Tuition fees in Wales frozen
The maximum tuition fee level that institutions in Wales will be able to charge will remain at £9,000 for 2017/18, it has been announced today (Fri 23rd Sept).
- Local insight key for Valleys Taskforce
- New £4m EU-backed fund to invest in Welsh social businesses
- Tuition fees in Wales frozen
Section highlightLand Transaction Tax
Land Transaction Tax will replace UK Stamp Duty Land Tax in Wales.
Final Budget 2016-17 »
The amount of funding allocated to Welsh Government Main Expenditure Groups (MEGs) for 2016-17 is £15bn.Learn more »
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Written Statement - Visit to USA: 7–11 March 2012
In Washington I met a series of significant investors and trade partners, and hosted a reception at the Embassy for a wider network of influential guests. Some of these already invest substantially in Wales while others represent important future prospects. My message to them is that Wales is a superb location for business, with a skilled workforce, close links between industry and education, easy proximity to London but with the benefit of lower overheads, and access to the European market – the world’s largest integrated trading block. I also underlined the stability of Wales as an integral part of the United Kingdom. Wales has been a significant partner for US investment for many years. This relationship has borne fruit in both directions and I believe the USA will continue to be an important trading partner for us for many years to come.
At a business breakfast in New York I emphasised our approach to innovation in the economy. I was delighted to be supported at this event by Sir Terry Matthews who endorsed Wales, with the full weight of his unique experience, as a great location for business. I emphasised that devolution of powers and the relative geographical smallness of Wales puts us as a government in a unique position to work quickly and flexibly with businesses to support their needs. I was pleased, too, that representatives of Bangor University were also in New York reaching out to their alumni and developing their academic links.
In New York I met tourism operators with experience of organising US-Wales tours to hear feedback on how we receive visitors and how we might aim to improve performance. This was invaluable. There was consensus that Wales is a great location for the individual fly-drive holiday, but faces some infrastructure limitations for the larger group visitor market. The populous areas of South and North Wales are well served by adequate roads – suitable for coaches – and a viable choice of hotels. Parts of Mid Wales face limitations as a group visitor destination primarily because of the paucity of suitable hotel accommodation. The American inward tourist spend per night is significantly higher than the general average and, over time, we need to work on the facilities deficit in areas where this limitation applies. Operators made the point that London and Ireland are primary destinations for large numbers of US tourists and an important part of the opportunity for Wales is to develop an attractive offer by way of transit between the two.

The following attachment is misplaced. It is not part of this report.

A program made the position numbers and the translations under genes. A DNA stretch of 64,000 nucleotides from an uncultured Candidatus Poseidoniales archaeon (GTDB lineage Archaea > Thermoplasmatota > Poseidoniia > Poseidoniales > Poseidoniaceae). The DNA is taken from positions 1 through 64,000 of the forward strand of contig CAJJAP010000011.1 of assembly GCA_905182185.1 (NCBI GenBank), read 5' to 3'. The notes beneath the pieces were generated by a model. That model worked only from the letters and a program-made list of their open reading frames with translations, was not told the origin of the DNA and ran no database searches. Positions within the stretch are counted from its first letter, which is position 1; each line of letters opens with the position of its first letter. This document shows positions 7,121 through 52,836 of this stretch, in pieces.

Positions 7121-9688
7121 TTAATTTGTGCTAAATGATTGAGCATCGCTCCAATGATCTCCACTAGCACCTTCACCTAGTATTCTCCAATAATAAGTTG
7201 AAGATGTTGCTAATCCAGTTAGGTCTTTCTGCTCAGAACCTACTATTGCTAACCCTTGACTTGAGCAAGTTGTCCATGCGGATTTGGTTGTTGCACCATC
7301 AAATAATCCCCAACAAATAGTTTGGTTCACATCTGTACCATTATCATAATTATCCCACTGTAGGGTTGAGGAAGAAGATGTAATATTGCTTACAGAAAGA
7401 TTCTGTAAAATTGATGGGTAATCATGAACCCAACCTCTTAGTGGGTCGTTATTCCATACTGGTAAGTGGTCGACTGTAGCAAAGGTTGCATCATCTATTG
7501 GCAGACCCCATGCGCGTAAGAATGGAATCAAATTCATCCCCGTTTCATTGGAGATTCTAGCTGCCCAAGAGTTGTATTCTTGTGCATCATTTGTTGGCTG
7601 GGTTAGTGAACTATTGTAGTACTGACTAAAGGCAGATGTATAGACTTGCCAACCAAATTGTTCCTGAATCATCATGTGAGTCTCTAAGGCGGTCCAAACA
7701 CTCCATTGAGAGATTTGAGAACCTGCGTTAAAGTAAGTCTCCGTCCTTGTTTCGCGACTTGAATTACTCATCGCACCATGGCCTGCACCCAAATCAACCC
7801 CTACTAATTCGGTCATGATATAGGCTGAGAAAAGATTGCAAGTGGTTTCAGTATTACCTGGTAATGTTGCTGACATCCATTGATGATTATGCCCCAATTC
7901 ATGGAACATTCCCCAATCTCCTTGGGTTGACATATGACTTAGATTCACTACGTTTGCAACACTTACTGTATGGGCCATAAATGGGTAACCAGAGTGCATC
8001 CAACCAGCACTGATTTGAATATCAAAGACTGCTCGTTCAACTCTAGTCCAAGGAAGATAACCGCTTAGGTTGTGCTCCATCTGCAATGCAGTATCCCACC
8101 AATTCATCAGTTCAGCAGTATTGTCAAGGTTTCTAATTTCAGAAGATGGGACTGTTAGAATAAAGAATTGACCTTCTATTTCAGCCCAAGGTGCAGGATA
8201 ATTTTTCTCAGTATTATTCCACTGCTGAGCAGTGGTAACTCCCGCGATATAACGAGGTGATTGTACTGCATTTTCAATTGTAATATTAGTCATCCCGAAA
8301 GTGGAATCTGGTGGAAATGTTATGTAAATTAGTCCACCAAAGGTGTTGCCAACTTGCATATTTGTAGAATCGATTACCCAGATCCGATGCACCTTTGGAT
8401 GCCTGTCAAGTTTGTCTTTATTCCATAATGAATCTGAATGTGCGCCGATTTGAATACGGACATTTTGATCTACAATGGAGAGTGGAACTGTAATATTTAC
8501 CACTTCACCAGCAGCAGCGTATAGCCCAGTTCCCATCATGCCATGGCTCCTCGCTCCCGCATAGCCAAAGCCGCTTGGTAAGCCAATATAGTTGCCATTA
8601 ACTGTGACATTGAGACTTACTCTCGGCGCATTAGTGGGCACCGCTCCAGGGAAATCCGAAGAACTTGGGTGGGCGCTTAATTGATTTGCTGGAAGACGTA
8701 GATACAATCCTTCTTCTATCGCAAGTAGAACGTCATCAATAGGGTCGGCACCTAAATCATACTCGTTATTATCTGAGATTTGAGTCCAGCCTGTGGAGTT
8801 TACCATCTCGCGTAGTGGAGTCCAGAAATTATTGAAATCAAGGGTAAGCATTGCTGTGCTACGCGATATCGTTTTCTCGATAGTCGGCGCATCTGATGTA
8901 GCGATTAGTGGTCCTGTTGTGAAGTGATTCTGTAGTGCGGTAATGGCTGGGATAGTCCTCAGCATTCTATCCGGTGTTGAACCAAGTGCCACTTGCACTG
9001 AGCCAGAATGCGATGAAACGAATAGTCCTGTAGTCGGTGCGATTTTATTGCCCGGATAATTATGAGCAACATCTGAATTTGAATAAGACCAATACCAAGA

It is perhaps worth recording for Members an interesting example of anecdotal market research. Travelling on the Staten Island ferry we were approached, unprompted, by a lady – she’d seen we were wearing Welsh badges and insignia – who reported that each year she leads a group of walkers for a holiday on the coastal paths around St David’s. She gave a glowing report of the outstanding beauty of the area and the warmth of the reception her American party invariably receive. I took heart from this. Tourism is a massively important part of our economy and we have a strong platform on which to build.
Wales’ links with the USA date back to the very foundation of the Union. I was honoured to be guest of honour at the 177th annual dinner of the St David’s Society of the State of New York. The links continue to thrive today and our language and culture add an important dimension to our footprint. I had the honour to attend a Broadway performance starring our own Mathew Rhys; Bryn Terfel – who was performing at the New York Met - sat next to me. I attended a special showing of the Oscar-nominated film “Solomon a Gaenor” at the New York Museum of Jewish Heritage. It’s clear that Wales continues to share its creative talent at the highest level with the US and far beyond. Equally, I met many other Welsh men and women who contribute to life on both sides of the Atlantic in business, law, public affairs and creative industries.
The USA remains an important partner for Wales and, in spite of the tremendous difference of scale, I firmly believe we have something unique and significant to offer. In an ultra-competitive world we in Wales have to re-double our efforts to cement our reputation and to seek out new business partners. I value Wales’ relationship with the United States of America and the Welsh Government will do all we can to maintain and develop the profile of Wales in America and all that we have to offer.